"In 2004, I was totally against going in," Trump told CNN's Anderson Cooper in July. "If you look, July of 2004, Reuters -- probably stuff before that -- but [in] July of 2004, Bush actually sent a group to talk to me, because I was getting a lot of publicity on the fact that we shouldn't be doing Iraq."
Some journalists questioned Trump's claims of being an early opponent of the war during his Aug. 6 debate appearance, but his anti-war assertions in subsequent interviews have gone unchallenged.
“You go back to 2004, July, and you will see a major, major article that Donald Trump said, ‘Don’t go into Iraq, because if you go into Iraq, and if you decimate Iraq, you’re going to lose the balance of the whole Middle East.’ I turned out to be right,” he told MSNBC’s “Morning Joe” by phone on Aug. 10.
“Nobody else -- very few people can say that,” he added.
"Morning Joe" co-host Joe Scarborough switched topics to discuss Trump’s feud with Fox News. But the subject resurfaced shortly thereafter, when Richard Haass, the president of the Council on Foreign Relations and a “Morning Joe” guest, asked Trump about sending U.S. soldiers back to the war-torn country.
“I didn’t want to go into Iraq in 2004 and we went there,” he responded. “So now we totally knocked out the balance. What we’ve done in the Middle East is incredible.”
On Aug. 12, Trump referenced the Reuters article in three separate cable news interviews when discussing how he would now handle Iraq, a portion of which is controlled by Islamic State militants.
“Unlike Jeb Bush, unlike the brother ... who got us into the whole war, I was totally opposed to the war,” he told CNN’s Jake Tapper. “You look at 2004, Reuters, in July of 2004, headline: ‘Trump Opposes War in Iraq.’”
He said the same thing to Fox Business Network's Lou Dobbs. "As you know, I was never in favor of going in," he told Dobbs. "I told you years ago. Going into Iraq was a huge mistake because you're going to destabilize the whole Middle East. So I'm the only one. In fact, they have major articles in 2004, in Reuters, in fact, July of 2004."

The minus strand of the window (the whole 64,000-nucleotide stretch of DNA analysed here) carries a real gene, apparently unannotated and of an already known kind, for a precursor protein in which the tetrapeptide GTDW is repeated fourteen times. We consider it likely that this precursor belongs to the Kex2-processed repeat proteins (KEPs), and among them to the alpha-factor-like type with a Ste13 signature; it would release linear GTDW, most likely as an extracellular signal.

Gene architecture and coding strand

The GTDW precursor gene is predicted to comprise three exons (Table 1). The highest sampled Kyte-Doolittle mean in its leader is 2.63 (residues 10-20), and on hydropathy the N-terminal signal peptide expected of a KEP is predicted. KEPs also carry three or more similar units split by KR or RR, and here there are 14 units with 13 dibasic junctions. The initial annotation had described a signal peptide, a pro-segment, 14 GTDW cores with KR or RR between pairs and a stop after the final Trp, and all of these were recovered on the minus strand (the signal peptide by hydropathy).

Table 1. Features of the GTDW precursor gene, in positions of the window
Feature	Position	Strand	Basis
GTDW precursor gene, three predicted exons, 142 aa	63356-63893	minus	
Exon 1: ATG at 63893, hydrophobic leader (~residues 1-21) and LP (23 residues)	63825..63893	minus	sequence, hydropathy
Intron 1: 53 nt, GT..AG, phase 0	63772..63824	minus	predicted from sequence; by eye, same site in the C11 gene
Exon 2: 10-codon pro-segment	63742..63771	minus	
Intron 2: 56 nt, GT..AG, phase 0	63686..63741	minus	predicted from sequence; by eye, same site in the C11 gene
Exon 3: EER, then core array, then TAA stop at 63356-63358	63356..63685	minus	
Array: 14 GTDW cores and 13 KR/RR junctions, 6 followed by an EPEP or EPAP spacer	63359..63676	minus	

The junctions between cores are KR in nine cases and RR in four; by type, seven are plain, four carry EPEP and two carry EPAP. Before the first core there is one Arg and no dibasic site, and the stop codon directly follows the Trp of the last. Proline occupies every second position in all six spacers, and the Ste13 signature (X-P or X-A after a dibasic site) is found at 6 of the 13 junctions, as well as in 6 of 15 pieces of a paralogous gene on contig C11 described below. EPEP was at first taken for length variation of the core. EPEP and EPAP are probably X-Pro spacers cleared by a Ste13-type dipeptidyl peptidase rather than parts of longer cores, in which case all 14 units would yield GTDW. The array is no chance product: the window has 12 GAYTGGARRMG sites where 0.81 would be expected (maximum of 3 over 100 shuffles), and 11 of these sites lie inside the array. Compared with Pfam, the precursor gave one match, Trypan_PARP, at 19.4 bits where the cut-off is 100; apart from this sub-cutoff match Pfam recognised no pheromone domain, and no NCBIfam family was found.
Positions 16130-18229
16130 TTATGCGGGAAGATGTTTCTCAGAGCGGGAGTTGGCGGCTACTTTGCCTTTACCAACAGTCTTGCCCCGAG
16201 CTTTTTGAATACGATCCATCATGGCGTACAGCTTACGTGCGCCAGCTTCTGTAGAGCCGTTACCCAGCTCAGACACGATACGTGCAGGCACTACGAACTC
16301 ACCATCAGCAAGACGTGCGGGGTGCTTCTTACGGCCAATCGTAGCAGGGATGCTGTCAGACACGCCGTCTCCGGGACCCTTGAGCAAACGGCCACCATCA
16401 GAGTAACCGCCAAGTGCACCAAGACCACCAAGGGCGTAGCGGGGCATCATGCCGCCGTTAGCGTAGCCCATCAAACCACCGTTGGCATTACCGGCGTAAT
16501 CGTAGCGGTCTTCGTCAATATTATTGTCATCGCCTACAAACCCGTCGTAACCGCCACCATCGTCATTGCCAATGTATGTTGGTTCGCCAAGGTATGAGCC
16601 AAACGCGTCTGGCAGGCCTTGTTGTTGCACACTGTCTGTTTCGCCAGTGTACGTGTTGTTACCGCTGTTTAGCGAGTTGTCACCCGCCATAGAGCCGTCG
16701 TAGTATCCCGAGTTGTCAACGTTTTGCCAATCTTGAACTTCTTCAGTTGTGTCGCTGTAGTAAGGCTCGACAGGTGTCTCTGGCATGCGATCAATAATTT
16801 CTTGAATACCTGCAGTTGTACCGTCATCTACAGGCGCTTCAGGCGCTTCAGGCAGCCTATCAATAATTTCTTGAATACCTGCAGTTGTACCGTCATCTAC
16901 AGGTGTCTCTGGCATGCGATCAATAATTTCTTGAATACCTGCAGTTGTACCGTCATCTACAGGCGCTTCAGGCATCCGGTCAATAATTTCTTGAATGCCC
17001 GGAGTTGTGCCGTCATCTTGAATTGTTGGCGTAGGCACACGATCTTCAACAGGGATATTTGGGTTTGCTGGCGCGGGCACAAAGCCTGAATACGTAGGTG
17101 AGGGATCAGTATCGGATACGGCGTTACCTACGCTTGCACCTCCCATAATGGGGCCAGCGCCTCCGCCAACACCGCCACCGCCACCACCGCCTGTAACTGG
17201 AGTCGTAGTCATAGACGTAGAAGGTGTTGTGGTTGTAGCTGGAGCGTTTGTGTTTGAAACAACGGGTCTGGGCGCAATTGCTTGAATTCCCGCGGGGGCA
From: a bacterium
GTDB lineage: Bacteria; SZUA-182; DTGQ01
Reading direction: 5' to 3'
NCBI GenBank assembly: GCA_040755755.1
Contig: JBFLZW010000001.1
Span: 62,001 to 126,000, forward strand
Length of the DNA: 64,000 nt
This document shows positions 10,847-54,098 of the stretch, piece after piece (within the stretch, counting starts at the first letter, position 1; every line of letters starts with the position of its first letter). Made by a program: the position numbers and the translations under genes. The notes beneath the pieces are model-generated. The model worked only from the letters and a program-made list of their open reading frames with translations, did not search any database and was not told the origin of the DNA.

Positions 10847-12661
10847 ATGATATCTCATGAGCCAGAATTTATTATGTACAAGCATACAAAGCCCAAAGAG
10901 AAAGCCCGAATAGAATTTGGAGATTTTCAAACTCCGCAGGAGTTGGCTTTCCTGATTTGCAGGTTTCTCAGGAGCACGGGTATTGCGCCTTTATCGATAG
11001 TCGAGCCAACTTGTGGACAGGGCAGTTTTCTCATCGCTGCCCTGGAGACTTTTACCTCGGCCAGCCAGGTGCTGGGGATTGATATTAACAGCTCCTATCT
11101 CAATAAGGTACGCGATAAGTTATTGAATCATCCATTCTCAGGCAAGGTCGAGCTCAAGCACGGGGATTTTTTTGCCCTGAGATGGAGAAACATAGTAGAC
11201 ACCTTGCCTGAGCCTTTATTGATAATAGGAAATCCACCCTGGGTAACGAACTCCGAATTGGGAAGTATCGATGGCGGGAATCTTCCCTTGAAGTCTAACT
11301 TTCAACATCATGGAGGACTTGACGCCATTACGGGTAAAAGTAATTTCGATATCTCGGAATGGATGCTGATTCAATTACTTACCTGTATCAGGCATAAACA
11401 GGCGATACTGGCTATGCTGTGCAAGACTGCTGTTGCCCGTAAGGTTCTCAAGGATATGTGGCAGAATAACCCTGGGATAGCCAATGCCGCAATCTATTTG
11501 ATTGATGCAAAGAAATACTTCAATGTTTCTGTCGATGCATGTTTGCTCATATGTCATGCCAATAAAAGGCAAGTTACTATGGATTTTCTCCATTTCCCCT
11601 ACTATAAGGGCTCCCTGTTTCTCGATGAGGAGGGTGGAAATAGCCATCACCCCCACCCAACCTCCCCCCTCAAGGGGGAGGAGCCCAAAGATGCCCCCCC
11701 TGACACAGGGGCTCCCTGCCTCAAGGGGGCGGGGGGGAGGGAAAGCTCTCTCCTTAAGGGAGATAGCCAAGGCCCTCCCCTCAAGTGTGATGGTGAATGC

And Trump also cited the article when speaking to Fox News' Sean Hannity. "I’d like to go back into history a little bit,” he said. “In 2004, Reuters wrote an article, in July of 2004. It was an article, ‘Trump Says Don't Go Into Iraq.’ I was totally against it."
During an Aug. 19 primetime special on CNN, Trump told anchor Chris Cuomo that he’d “been against [the Iraq War] for years” and touted his 2004 “vision.” A week later, he noted “in 2003 and 2004, I said Iraq is a mistake," in an interview on Bloomberg’s “With All Due Respect."
Beyond TV interviews, the candidate has referenced the 2004 Reuters story at campaign stops in Bluffton, South Carolina, Dubuque, Iowa, and Hampton, New Hampshire, each carried live on cable news.
Trump referenced his 2004 anti-war position in print, too.
"My opposition to the war in Iraq is well documented," he wrote last Tuesday in a USA Today op-ed. "I was against the war from the very beginning, all the way back in 2004." The op-ed linked to a Nov. 2004 interview with then-CNN host Larry King, who referenced the Esquire interview when he spoke to Trump.
The next morning, Trump again criticized the Iraq invasion during a phone interview with Cuomo on CNN’s “New Day.” He suggested he’d told Cuomo back in 2003 that doing so would strengthen Iran.
“I told you that was going to happen in 2003, when you were actually at another network doing very well,” he said. “But I said that that was going to happen in 2003. I said the worst thing you could do was go in and attack Iraq because you’re going to destabilize the Middle East.”
It's unclear if Trump meant he told Cuomo on air or privately. Through a spokesperson, Cuomo didn’t respond to a request for comment.
-- Video by Ben Craw.
Judah Robinson provided research assistance.